Calm before the storm: Sprinter outages

It’s easy to remain ‘calm before the storm’ when you’re prepared. 

As Ottawans know, spring weather in the nation’s capital is wildly unpredictable, swinging from a freak snowstorm one day to sunny skies reaching 15 degrees celsius the next. Some of us call this Sprinter. 

In the past six years alone, Ottawa has had its share of extreme Sprinter weather events. With too-many-to-count wind storms (including the 2022 derecho), five notable ice storms and at least three floods, climate change is affecting many aspects of our lives. 

As a result of extreme weather causing severe damage to property and infrastructure - and thus, longer power outages - the Canadian Red Cross now recommends that Canadians prepare to be self-sufficient during emergencies for at least 72-hours. 

May 5 to 11 is Emergency Preparedness Week, a national awareness initiative supported by Public Safety Canada. While this event has been receiving more attention lately due to the string of extreme weather incidents over the years, it’s actually been held annually since 1996. 

This important week encourages Canadians to take action and be prepared for a possible emergency. We’ve put together this checklist to help you stay safe, informed and secure in the knowledge that you and your loved ones are prepared for almost anything Sprinter throws our way this season.

May 5 -11 is Emergency Preparedness Week 2024


10 steps to take before the next major storm

  1. A family emergency plan should include a designated meeting place and a list of important information for you and your family members, including medical conditions, allergies, medications, insurance information, key contacts, and pet information. Visit the Emergency Preparedness page on our website to access some of our sample emergency plans.
  2. When recreating our popular ultimate emergency kit, it is good to be mindful of portability. Storing your items in the appropriate container is more important that you may realize. In some situations, you may need to evacuate or be confined to a smaller section of your home, so try and build an emergency kit that is easy to move and is all in one place.
  3. One of the best ways to prepare for a multi-day power outage – especially if you live in a rural area – is to have an additional energy source in place which you can control. A backup generator can provide the power needed to keep the lights on, your food cold, and your devices charged.
  4. A battery-powered sump pump is also an excellent device to have on hand in case of emergencies, particularly if your house has a basement and is susceptible to flooding during heavy rains and storms. While battery-powered sump pumps can help prevent costly water damage during short outages, it is important to have a longer-term back-up plan in place (like a generator) for outages that last beyond 72-hours.
  5. Waterproof caulking compound is a simple and effective way to seal cracks in your basement wall. It is important to use a compound that is specifically designed for waterproofing, as regular caulking can break down over time and allow water to seep through. 
  6. Grading the soil around your home can help to direct water away from the foundation. It is important to slope the soil away from the house so that water flows away from the foundation and does not pool near window wells, walls, exterior stairwells and decks.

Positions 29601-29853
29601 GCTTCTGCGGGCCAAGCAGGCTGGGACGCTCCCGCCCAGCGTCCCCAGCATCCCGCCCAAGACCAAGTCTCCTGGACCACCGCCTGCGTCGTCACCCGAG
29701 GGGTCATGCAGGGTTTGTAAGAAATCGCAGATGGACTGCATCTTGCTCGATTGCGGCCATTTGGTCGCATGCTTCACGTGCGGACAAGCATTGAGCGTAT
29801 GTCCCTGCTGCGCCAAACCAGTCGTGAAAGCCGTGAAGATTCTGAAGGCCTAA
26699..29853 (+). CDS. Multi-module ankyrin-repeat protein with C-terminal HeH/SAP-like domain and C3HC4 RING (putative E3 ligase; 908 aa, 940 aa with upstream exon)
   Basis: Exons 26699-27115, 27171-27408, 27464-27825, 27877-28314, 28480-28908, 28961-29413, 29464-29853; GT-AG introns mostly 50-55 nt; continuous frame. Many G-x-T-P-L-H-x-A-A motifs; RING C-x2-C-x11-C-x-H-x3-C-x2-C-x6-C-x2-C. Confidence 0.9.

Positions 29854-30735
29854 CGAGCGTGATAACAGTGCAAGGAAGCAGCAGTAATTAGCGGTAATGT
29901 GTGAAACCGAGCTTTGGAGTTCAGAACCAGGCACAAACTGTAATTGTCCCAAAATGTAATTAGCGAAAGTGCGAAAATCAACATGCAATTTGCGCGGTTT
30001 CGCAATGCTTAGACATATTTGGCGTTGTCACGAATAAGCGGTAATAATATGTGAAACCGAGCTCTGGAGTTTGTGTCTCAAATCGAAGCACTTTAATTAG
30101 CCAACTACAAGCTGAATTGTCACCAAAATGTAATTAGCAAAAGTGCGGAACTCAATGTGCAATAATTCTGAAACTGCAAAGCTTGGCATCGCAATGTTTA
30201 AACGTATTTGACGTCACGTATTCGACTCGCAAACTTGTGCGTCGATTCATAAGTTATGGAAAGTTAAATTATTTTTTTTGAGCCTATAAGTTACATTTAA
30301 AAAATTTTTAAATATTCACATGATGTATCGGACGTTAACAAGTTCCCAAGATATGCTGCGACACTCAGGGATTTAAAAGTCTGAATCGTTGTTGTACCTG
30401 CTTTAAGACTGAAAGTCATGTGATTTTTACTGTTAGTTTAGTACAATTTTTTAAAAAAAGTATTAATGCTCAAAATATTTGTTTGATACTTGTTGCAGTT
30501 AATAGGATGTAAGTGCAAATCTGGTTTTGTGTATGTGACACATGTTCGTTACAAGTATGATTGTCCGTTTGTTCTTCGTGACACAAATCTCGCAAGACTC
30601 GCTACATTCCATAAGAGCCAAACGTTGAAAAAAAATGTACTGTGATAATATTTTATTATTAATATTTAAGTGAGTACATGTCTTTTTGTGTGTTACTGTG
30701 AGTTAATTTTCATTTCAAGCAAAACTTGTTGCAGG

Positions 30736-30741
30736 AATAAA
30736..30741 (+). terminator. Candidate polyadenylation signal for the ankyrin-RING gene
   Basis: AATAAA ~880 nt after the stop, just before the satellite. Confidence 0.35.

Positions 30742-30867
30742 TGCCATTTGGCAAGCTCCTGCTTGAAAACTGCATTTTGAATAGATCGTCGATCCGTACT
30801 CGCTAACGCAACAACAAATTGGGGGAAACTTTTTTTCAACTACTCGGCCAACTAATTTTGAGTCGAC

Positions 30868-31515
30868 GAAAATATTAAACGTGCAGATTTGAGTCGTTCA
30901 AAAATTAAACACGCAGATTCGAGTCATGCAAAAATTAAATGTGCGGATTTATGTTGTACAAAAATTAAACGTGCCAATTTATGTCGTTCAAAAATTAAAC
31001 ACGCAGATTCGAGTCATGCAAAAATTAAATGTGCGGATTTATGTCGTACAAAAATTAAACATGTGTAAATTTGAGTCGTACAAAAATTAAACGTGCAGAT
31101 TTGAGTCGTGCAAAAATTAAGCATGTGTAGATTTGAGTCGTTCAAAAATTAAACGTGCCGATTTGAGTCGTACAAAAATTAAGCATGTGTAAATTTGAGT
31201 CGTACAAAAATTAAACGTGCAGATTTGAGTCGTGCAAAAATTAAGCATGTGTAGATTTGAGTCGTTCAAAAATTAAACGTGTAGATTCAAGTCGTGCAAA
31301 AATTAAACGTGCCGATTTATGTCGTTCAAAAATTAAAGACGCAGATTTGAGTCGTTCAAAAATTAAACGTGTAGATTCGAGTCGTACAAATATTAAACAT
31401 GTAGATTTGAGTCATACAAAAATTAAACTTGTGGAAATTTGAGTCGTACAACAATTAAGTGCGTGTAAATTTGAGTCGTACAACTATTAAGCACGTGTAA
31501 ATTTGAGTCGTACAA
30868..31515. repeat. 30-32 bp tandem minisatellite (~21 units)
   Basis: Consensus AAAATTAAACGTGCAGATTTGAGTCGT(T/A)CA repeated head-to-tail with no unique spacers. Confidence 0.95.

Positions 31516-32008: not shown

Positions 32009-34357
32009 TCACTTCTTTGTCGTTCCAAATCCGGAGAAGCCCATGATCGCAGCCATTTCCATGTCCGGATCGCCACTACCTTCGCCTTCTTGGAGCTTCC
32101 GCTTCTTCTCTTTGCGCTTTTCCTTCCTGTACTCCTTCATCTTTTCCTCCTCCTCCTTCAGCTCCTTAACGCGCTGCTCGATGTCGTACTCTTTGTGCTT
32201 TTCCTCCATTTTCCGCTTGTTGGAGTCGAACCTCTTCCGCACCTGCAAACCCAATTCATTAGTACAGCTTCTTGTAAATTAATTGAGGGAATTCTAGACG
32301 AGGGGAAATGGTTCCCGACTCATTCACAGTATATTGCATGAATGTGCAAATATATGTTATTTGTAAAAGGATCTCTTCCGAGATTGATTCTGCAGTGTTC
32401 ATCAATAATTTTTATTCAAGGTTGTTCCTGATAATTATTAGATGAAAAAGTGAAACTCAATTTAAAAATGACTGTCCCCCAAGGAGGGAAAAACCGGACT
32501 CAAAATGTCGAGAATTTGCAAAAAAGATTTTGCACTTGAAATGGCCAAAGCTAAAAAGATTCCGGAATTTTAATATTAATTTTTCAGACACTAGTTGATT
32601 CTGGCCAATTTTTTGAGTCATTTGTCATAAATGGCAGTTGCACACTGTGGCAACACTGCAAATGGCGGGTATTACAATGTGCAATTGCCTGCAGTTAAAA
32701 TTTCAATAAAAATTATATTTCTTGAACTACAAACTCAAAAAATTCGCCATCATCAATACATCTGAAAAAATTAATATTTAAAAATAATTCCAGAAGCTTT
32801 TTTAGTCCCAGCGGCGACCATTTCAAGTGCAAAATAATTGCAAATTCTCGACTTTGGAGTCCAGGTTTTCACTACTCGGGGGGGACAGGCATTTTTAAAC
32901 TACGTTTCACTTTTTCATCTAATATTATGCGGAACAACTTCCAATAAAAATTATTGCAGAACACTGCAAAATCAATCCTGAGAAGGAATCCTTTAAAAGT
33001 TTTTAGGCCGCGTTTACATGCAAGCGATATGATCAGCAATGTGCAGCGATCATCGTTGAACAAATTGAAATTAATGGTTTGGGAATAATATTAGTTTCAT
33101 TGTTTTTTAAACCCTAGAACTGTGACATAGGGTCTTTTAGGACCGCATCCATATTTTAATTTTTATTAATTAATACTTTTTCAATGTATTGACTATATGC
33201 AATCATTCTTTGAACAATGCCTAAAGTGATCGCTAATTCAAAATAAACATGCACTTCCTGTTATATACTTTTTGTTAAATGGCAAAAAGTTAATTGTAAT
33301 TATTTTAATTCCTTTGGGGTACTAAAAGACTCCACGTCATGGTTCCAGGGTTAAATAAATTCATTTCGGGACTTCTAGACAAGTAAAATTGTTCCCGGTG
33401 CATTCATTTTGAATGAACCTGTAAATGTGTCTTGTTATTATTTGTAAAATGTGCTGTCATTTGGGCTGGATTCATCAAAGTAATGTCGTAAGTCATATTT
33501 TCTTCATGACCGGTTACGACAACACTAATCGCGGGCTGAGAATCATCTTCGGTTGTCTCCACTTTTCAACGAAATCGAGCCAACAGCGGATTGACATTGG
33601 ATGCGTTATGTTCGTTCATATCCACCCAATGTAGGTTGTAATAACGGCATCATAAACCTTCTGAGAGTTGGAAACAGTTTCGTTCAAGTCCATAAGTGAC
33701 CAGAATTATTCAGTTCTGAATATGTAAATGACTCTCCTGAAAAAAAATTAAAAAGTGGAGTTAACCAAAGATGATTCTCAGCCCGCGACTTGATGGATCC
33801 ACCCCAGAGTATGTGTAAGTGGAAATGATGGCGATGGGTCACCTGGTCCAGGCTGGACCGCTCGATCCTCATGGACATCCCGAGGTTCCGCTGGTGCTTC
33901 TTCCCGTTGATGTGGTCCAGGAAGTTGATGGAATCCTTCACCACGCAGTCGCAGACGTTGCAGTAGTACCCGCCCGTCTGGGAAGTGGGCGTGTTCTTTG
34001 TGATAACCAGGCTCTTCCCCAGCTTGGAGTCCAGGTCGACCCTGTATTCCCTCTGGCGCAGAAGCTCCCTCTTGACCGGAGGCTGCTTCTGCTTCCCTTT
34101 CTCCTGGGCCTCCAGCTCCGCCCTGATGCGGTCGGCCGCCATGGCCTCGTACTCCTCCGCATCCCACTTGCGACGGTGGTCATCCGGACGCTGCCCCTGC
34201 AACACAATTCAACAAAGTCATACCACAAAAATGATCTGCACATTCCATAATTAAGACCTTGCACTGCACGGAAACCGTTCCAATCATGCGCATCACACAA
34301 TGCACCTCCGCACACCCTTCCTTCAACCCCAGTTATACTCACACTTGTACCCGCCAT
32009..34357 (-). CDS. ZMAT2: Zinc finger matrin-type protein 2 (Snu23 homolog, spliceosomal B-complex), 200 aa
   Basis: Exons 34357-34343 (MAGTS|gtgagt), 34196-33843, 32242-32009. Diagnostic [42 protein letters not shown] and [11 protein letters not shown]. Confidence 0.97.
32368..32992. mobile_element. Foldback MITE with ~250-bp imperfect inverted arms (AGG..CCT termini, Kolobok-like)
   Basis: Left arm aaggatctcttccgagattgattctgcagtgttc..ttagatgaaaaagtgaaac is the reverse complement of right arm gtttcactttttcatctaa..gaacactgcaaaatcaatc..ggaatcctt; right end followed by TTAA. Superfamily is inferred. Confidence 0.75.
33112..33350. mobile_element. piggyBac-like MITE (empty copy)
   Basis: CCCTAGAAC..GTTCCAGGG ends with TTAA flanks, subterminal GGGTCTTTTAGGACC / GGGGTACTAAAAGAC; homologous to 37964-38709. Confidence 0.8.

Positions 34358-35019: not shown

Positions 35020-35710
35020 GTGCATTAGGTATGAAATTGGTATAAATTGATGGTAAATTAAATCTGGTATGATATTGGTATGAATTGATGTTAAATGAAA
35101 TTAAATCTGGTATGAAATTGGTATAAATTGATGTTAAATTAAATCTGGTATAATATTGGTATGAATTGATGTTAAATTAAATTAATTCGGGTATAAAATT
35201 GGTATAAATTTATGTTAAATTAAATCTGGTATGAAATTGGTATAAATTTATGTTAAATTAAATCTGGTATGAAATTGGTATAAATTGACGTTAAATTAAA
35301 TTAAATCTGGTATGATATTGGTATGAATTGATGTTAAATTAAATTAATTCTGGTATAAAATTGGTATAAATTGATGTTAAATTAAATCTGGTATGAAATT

• french drain is a trench filled with gravel that allows water to drain away from the foundation of your home. It is a good option for preventing flooding in basements that are located in areas with high water tables. 
  7. If you live in a building requiring elevator use and have challenges with mobility, notify the building management in advance that you may need assistance. Additionally, if you rely on critical medical devices, ensure you have a backup power supply in place or a plan to relocate to a supportive facility that can assist you.
  8. Gutters play a crucial role in safeguarding a property from water damage by effectively channeling rainwater away from the roof and foundation. To ensure they perform optimally, it is essential to keep gutters free from leaves, twigs, dirt and other debris. 
  9. Our Weather Watch emails notify you about a possible event that poses a potential risk to our power system. As soon as we know, you’ll know about it, too. In some cases, days before a weather event hits. If we have your email address on file or through your MyAccount portal, you’re already enrolled for this service. 
  10. Whether you prefer SMS/text or an email, you’ll receive timely outage alerts from us about planned and unplanned outages in your area, as well as estimated times of restoration, crew updates and confirmation when power has been restored. To sign up for outage alerts, log in to MyAccount, select the Account icon, go to the Manage Profile tab, and click Outage Alerts. You can add up to five emails or two mobile phone numbers to your account so everyone stays informed. 

Important safety tip: Stay in your home only as long as you are safe, warm and have food and water. Emergency Warming Centres will be opened by the City of Ottawa should an emergency be declared. You can go there to get information, to stay warm, and for comfort and food. Locations will be broadcast on local radio and TV stations, as well as on the City’s Emergency Preparedness page and 3-1-1 hotline. We will also share these locations on our channels.

Remember, even the wildest storms eventually pass. And now that you’re prepared for an Ottawa Sprinter, you will be able to weather any of them.

Which action items from our list will you tackle in honour of Emergency Preparedness Week? Leave us a rating on this blog below, and then provide a comment.




Was this page useful container
Hidden Group

We'd like to hear from you

text and star group